Kendrick Perkins

One of the more glaring weaknesses in the very effective Oklahoma City Thunder offense is the presence of Kendrick Perkins. Despite usually being somewhat of a forgotten man on offense due to his ineffective play, the team and the big man are trying to change that issue, hoping it’ll be enough to carry them into the NBA finals and hopefully the title.

Perkins is a very valuable asset defensively, and the Thunder didn’t amnesty him for a reason. They need a big body like his near the rim, even if most of the shot blocking threat comes from Serge Ibaka. Just like the defense worked for the Spurs this season, Tiago Splitter or Boris Diaw are the ones who cling to players, giving the more talented shot blocker in Tim Duncan a bit more freedom to operate.

But Perkins on offense can be embarrassing, and eventually, a huge hole in the Thunder’s game plan. Sure, with Kevin Durant and Russell Westbrook they’re good enough, possibly the best in the NBA with the ball regardless of Perkins’ struggles, but there’s no reason this team and Perkins himself shouldn’t try to improve their situation, as its obvious they need some sort of adjustment and improvement heading into next season.

Perkins averaged only 4.2 points per game last season, his lowest numbers since the 2004-2005 season, when he played less than 10 minutes a night. He shot only 45.7% from the field, and his PER of 8.2 was the lowest in the NBA of anyone getting 25 minutes a game or more. The Thunder’s starting five, despite of him, had a +10.6 per 48 minutes, with a defensive rating of 97 points per 100 possessions. But they had a +19.3 per 48 minutes with Hasheem Thabeet on the floor. Perkins can’t be worst than Thabeet.

Perkins

I’ve been working. Been in the gym and basically just working more in the weight room on my explosiveness and touch around the basket, hook shots and stuff like that. I’ve been shooting a lot of jumpers, making sure I make 300 a night. I’m just trying to prepare.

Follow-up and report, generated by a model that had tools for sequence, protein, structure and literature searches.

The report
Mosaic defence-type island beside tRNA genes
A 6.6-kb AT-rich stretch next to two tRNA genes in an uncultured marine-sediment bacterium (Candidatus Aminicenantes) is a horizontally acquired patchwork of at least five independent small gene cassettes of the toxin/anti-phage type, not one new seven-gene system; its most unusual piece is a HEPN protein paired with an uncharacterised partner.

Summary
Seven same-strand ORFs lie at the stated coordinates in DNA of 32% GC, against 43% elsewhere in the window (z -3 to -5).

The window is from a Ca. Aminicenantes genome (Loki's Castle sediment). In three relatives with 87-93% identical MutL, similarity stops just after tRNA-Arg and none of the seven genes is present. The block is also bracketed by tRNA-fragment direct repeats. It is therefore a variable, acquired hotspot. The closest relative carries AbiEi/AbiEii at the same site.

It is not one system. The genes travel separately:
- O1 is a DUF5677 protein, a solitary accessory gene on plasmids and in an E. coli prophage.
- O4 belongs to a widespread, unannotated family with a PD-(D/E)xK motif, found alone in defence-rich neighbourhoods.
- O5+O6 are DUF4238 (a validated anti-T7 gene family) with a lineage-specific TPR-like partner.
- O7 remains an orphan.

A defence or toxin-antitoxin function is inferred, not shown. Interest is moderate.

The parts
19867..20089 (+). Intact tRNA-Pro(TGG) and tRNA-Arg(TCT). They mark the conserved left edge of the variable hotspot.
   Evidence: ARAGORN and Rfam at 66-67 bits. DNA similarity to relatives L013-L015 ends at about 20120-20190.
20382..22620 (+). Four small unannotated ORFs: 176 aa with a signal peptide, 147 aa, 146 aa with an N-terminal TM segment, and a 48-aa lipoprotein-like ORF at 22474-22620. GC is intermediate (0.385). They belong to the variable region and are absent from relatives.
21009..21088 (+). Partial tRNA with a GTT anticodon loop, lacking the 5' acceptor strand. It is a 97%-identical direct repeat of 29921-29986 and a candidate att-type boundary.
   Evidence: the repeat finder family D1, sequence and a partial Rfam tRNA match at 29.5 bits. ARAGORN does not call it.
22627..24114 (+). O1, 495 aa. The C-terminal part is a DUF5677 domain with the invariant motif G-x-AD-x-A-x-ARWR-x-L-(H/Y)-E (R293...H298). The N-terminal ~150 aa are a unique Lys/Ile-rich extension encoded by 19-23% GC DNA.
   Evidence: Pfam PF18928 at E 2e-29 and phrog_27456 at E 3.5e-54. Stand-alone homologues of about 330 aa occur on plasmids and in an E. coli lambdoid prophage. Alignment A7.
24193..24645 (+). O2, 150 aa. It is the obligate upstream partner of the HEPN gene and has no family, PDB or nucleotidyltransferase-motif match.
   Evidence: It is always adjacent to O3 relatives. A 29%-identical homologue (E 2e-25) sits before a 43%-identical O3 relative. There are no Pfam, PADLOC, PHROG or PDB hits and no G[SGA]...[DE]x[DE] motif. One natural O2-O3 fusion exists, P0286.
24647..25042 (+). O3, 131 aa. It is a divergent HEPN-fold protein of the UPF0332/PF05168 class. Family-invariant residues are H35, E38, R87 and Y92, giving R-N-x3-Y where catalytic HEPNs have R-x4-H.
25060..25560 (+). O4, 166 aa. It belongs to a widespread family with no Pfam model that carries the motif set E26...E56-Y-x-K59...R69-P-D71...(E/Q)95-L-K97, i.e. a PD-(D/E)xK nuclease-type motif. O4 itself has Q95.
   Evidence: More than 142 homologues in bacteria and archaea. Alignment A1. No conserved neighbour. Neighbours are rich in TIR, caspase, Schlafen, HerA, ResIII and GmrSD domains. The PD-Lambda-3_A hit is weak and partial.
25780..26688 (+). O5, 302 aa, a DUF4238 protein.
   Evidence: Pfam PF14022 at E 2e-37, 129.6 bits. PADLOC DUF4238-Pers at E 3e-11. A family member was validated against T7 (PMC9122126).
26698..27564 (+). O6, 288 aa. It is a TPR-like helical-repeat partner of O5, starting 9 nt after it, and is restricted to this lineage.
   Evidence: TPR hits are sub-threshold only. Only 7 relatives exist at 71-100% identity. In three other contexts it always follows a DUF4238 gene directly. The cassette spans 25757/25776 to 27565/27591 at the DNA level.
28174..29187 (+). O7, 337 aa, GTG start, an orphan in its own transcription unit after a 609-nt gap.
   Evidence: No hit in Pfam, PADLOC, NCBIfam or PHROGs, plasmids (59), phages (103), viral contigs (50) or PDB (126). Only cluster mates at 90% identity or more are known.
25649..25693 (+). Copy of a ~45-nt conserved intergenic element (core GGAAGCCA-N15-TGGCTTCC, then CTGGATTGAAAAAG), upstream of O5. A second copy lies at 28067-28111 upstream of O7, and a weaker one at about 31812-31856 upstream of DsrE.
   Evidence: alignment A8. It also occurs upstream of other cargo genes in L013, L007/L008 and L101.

Even with a slightly improved Perkins, there are questions regarding the Thunder, and the first of them being how good can they be without a third dominant scorer. Last season they seemed to be the best in the Western conference with Kevin Martin and not Harden, posting the best efficiency numbers in the league besides the Miami Heat. But pinning their failure only due to the fact that Russell Westbrook was injured is ignoring certain weaknesses they had, making them less than complete or less formidable than they were in 2012.

The main reason for optimism? Kevin Durant, Russell Westbrook and Serge Ibaka should only get better. Durant and Westbrook will be 25 when the season begins. Ibaka will be 24. They haven’t peaked yet, and there is also Reggie Jackson to consider, probably getting a bigger role than ever this season, and Jeremy Lamb, who many expect him to become a serious contributor this season.

Perkins, as you’d expect, is one of those who is pretty sure the Thunder have what it takes to win the NBA title.

What people don’t understand is this is this is KD’s sixth year, Russ’ fifth year. Now, they’re veterans. They’ve got enough experience. And it’s Thabo contract year, and you know how guys perform on their contract year. So at the end of the day we feel like we got enough to get it done.

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